LONG BEACH, Calif. — A banana peel on his patrol car. A Black genie with the name “Mr. Popo” incorporated into a Long Beach Police Department patch posted plainly in the office.
What You Need To Know
- Over forty pages, Colbert’s claim details racial animus from fellow officers who used epithets on the job, including the n-word, created a hostile work environment and repeatedly demeaned him in uniform and in public
- “Number one, I start off by saying any form of discrimination is unacceptable. It actually sickens me,” said former Chief of Police Robert Luna
- A spokesperson for the Long Beach Police Department said they are aware of the lawsuit
- Colbert documented the harassment he experienced over his 30-year career
Over the years, it all eventually became too much for Corporal Michael Colbert, LBPD’s first and only Black helicopter pilot.
“I had to walk into the office every day and be reminded of that and how inferior they thought I was,” Colbert said in his first television interview since filing a lawsuit against the city in December, alleging discrimination, harassment and retaliation over the course of his 30-year career. Colbert retired in October 2019.
Over forty pages, Colbert’s claim details racial animus from fellow officers who used epithets on the job, including the n-word, created a hostile work environment and repeatedly demeaned him in uniform and in public.
Colbert said the department’s chief pilot Michael Erdelji posted a drawing of the department’s patch with a Black genie named “Mr. Popo” from the Japanese show Dragon Ball Z on his office cubicle in “plain view for anyone looking within the air support common area to see” in September 2019.
The same large building at the Long Beach airport holds various administrative offices for fire and police personnel, Colbert said.
Spectrum New showed the image to Tim Watkins, a collector of racist and anti-Black American imagery, who said the drawing contained negative stereotypes of African Americans.
“Although a caricature, not at all funny with pitch black skin, bright exaggerated red lips amid a reference to ‘po po,’ an 80s era slang reference to police by young Blacks,” Watkins said.
As the only African American pilot, Colbert said the picture was clearly about him.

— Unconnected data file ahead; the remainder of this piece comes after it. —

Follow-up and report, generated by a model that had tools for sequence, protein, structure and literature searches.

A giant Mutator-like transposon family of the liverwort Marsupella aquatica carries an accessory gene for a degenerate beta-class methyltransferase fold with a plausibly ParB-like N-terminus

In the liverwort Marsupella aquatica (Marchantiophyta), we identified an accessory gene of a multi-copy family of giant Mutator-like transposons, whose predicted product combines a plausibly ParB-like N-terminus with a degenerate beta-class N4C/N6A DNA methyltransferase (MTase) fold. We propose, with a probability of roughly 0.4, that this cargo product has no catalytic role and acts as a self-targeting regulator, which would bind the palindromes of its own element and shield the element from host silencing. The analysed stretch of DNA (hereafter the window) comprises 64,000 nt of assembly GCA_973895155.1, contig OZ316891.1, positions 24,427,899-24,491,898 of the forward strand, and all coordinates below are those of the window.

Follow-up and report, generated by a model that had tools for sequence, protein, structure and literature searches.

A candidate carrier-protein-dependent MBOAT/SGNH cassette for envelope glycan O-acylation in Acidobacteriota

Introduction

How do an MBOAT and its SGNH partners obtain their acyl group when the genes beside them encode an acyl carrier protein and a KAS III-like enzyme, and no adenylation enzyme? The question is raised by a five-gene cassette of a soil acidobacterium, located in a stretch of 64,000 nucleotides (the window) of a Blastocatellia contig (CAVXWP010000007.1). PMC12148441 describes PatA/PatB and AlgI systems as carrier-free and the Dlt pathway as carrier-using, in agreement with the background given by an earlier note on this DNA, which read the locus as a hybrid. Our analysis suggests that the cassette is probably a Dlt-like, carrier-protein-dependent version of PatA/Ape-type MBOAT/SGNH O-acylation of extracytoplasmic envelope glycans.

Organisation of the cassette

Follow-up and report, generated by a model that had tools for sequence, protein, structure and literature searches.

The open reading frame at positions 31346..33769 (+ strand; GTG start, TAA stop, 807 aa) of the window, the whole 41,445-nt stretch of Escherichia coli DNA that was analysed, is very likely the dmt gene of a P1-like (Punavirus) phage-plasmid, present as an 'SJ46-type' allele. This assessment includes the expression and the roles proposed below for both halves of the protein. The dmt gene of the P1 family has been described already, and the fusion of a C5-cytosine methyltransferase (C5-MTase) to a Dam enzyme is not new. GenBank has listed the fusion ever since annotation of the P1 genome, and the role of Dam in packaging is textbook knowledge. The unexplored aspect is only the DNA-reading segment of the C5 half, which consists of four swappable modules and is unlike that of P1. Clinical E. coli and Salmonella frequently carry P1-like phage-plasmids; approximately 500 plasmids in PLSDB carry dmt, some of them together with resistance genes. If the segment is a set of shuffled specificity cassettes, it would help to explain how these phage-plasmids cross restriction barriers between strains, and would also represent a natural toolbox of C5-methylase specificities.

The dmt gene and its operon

Now retired, Robert Luna was chief of police in September 2019, when the image allegedly hung in the air support common area. Luna is now running for Los Angeles County Sheriff on a platform to reform that department.
He said Colbert’s lawsuit came across his desk just as he was retiring from the job.
“Number one, I start off by saying any form of discrimination is unacceptable. It actually sickens me,” Luna said. “I believe that to have public trust and legitimacy in any police department, you absolutely need to reflect the diversity of the community you serve.”
A spokesperson for the Long Beach Police Department said they are aware of the lawsuit.
“The City of Long Beach and the Police Department are committed to maintaining a discrimination-free workplace for all City employees and candidates for employment,” said Allison Gallagher, the public information officer. “The Department actively supports the strategies adopted in the City’s Racial Equity and Reconciliation Initiative while also building on policies and practices that promote a bias-free working environment for all our employees.”
Both named Mike, Colbert worked closely with Chief Pilot Erdelji over the years and Colbert said Erdelji almost only addressed him as “Black Mike,” whether they were in private or in public and while in uniform.
“The chief pilot of our organization, wherever we went, he became so comfortable with his overt racism toward me he would introduce me as ‘Black Mike,’” Colbert said, who found the nickname demeaning. “I certainly have a last name.”
He said the Black genie image appeared a week after the two men discussed an elected official who admitted to wearing Blackface. Colbert said he explained why it was offensive. He said Erdelji remarked people should ‘just get over it.’
The hand drawn image hung in Erdelji’s cubicle for at least seven weeks until after Colbert’s last day on the job. Erdelji has also since retired and could not be reached for comment.
After filing complaints earlier in his career and finding internal investigations only drew negative consequences for himself, Colbert said he focused on keeping his head down and doing his job.
“I was in survival mode, to be quite honest.”
Now, he wants the department to acknowledge and apologize for what happened to him and create actual change.